All through this saga, fans from other parts of the nation, put off by Paterno’s holier-than-thou attitude and the idolatry it spawned at Penn State and beyond, have taken no small glee in the sudden downfall.
Of course, no one’s going to tell them to get their priorities straight. As Penn State reeled, the big power conferences held their Media Days at swank hotels with hundreds of media and fans present and hanging on every word.
This was especially true at the SEC soiree, where hundreds of Alabama fans showed up just to get a fleeting glimpse of Nick Saban walking to his press conference. They already have a statue of Saban outside Bryant-Denny Stadium in Tuscaloosa, even though the city is still recovering from a devastating tornado in April 2011.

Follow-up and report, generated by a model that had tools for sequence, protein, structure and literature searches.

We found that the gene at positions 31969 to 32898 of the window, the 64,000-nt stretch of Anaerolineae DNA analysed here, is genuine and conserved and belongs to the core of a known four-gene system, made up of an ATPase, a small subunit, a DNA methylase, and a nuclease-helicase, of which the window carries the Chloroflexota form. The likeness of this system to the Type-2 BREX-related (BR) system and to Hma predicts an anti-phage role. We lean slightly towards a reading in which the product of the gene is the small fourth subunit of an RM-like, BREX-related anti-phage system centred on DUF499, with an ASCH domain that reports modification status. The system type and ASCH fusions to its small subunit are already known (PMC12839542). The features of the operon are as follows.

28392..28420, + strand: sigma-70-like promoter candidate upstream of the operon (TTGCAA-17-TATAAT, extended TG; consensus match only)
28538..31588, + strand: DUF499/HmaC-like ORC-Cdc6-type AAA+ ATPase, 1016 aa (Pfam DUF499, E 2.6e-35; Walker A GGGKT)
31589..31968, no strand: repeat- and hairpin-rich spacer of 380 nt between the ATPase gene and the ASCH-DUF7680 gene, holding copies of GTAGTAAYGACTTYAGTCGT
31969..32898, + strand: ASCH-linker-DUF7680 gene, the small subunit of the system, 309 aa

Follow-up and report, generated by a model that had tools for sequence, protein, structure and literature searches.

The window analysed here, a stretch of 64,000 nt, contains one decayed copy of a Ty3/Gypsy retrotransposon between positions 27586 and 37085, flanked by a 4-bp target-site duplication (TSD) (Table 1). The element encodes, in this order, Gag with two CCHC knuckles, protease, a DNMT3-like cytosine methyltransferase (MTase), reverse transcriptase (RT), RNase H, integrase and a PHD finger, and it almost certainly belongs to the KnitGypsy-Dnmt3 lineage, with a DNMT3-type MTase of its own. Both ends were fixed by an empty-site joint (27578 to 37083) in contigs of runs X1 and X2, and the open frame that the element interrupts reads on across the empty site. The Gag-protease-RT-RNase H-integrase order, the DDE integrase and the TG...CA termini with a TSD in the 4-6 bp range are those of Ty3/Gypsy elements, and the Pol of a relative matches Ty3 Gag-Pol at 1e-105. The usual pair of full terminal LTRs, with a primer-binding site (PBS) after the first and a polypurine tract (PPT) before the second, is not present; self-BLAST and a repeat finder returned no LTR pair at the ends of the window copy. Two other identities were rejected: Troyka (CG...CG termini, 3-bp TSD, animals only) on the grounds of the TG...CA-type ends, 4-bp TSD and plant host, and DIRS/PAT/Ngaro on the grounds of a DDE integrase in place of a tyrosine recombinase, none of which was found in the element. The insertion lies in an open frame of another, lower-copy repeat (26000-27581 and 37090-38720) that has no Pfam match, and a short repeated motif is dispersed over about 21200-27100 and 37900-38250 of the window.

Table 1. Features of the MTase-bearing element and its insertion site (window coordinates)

Will the same folks that railed long and loud against Penn State, post-Sandusky, offer the same kind of sustained chorus against the SEC crowd? It’s doubtful. If actual crimes are involved, then education comes first. Otherwise, it’s the same old song and dance.
A worse kind of hypocrisy emanates from the college presidents themselves. While they offer homilies about placing grades ahead of the gridiron, they also have lorded over wholesale conference shifts and expansions entirely based on the pursuit of more and more dollars, without uttering a peep of protest.
And when, in a couple of years’ time, college football finally gets to its four-team playoff, and the TV bidding wars might prove as intense as any seen for any recent sports property, will we hear Mark Emmert and his merry men utter the same platitudes about a misplaced emphasis on football ahead of education? Again, it’s doubtful.
This leads back to the critical question of what Penn State ought to do now. Some think that the school can only redeem itself by distancing from football, for that’s where all the evil took place.